Hans Binnendijk is a fellow at the Center for Transatlantic Relations at the Johns Hopkins School of Advanced International Studies. From 1999 to 2001, he served on the National Security Council staff as special assistant to the president and senior director for defense policy and arms control.
Joshua Muravchik’s March 15 op-ed, “War is the only way to stop Iran,” was beneficial in two ways. It clarified the likely alternative to the negotiations on Iran’s nuclear program, and it gave the Iranian side an alternative to contemplate as it approaches the talks’ endgame. It might even help yield a better deal.
But that’s where the value of Muravchik’s assessment ends — because unfortunately, it also glossed over the probable impact of a war with Iran.
At least Muravchik is consistent. He wrote a similar piece, headlined “Bomb Iran,” for the Los Angeles Times in 2006, in which he argued that the West would never impose tough sanctions on Iran. Well, it did, and those sanctions brought Iran to the negotiating table. If the current negotiations fail or Iran cheats on a deal, war might well result. But the United States must be clear-eyed about what that would mean.
If the United States attempts to destroy Iran’s nuclear capacity by air, the mission would not be like Israel’s 1981 single-day strike on Iraq’s Osirak reactor. A U.S. attack would have to target multiple complexes, and planners would need to prepare the battlefield by destroying air defense radars, interceptors and much of Iran’s air force. Such an operation could require hundreds of sorties over several days.
Iran would probably respond by threatening shipping in the Strait of Hormuz, potentially touching off a global oil crisis. The U.S. Navy would be forced to patrol the Persian Gulf and possibly undertake a lengthy operation to destroy Iran’s navy and its arsenal of anti-ship cruise missiles.
Iran would be unlikely to capitulate even with its air force and navy out of commission. It would probably turn to terrorism to strike at U.S. targets around the globe. If such attacks were successful, they would generate enormous public pressure to escalate the conflict, perhaps including demands for regime change in Tehran. That, in turn, could mean yet another U.S. ground war in the Middle East, this time against a nation of more than 80 million. As we learned in Iraq and Afghanistan, the costs of such a conflict could be measured in decades, tens of thousands of U.S. casualties and trillions of dollars. Such escalation is not a certainty, but it is a real possibility.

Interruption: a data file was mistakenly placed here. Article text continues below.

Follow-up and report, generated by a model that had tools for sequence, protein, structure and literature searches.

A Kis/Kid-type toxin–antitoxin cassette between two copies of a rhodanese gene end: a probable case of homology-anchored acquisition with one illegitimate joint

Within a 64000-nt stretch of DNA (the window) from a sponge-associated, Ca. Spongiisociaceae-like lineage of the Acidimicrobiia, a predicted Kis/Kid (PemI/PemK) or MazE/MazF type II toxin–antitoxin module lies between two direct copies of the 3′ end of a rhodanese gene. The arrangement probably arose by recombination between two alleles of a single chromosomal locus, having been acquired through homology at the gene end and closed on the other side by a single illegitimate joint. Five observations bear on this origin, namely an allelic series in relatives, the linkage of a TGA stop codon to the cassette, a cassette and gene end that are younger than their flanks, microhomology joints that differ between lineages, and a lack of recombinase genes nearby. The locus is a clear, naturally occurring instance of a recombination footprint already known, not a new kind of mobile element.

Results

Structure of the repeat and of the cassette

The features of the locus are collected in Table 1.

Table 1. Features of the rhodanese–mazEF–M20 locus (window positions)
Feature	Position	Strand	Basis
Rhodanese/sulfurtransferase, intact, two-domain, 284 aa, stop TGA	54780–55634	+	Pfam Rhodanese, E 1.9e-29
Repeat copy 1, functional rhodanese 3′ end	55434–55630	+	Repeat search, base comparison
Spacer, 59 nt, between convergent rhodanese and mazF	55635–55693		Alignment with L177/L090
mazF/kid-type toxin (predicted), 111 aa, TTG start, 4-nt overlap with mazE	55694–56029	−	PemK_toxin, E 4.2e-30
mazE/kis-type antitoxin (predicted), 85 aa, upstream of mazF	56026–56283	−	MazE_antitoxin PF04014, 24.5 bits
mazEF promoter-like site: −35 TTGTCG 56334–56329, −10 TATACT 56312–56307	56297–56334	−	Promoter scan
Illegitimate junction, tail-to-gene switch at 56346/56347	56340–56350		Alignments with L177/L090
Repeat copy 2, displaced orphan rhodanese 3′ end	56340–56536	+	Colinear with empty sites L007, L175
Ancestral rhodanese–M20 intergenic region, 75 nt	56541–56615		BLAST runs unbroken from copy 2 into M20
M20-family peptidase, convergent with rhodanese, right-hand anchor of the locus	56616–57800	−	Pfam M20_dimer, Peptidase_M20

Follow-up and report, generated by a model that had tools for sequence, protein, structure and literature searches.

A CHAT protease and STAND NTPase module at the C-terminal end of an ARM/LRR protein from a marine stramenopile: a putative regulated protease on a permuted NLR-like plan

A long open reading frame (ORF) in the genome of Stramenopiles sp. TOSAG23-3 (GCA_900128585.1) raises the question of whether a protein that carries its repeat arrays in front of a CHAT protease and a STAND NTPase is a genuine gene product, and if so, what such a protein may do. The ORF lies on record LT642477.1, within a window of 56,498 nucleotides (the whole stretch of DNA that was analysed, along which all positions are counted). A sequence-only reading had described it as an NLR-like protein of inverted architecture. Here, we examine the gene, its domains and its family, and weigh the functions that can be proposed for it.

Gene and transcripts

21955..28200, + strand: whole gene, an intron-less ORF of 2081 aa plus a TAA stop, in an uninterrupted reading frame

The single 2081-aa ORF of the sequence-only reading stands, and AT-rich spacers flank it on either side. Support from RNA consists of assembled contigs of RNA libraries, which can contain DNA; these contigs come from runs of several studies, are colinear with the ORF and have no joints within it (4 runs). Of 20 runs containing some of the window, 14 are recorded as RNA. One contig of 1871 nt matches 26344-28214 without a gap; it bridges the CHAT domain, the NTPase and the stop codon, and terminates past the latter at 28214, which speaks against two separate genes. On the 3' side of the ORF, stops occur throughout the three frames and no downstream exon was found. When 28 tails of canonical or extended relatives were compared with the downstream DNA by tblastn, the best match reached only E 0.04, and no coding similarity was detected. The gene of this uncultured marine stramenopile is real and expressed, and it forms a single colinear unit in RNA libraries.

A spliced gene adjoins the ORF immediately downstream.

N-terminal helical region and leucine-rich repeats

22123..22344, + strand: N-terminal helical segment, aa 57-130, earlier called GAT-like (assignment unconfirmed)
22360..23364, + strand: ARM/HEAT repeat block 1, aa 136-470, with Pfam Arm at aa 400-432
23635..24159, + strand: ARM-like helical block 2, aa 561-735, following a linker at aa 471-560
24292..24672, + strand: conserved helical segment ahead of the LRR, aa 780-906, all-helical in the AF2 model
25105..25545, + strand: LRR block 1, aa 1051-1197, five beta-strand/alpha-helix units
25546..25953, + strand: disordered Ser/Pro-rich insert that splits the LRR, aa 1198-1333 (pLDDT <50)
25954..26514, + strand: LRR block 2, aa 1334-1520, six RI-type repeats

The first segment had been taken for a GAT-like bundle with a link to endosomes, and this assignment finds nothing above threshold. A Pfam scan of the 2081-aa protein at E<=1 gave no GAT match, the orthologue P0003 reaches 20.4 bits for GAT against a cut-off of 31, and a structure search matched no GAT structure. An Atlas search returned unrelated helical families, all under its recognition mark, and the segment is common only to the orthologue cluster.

The diplomatic and political consequences could also be severe. The United States is already at war with the Sunni-led Islamic State, an effort that the Iranians are supporting; Muravchik’s path would have us at war with the major Shiite state as well. Additionally, our European negotiating partners could cry foul. The British, French and Germans would be unlikely to support military action unless they were convinced that Iran — and not the United States — scuttled the negotiations and also that Iran was on the verge of attaining a nuclear weapon. NATO could emerge fundamentally weakened just as maximum unity was needed to confront Russian aggression.
And, not incidentally, the Iranian people, many of whom are modernizers and relatively friendly to the United States, would surely turn against us. Ordinary Iranians took to the streets and shook the theocracy in 2009; in 2013, they elected the most moderate government that Iran has had since its revolution. War would marginalize this force for change for years.
War with Iran is not out of the question. A nuclear Iran could be a more aggressive Iran; the regional nuclear proliferation that would follow could cause grave instability. But war must be a last resort. Sugarcoating its consequences does no one any favors.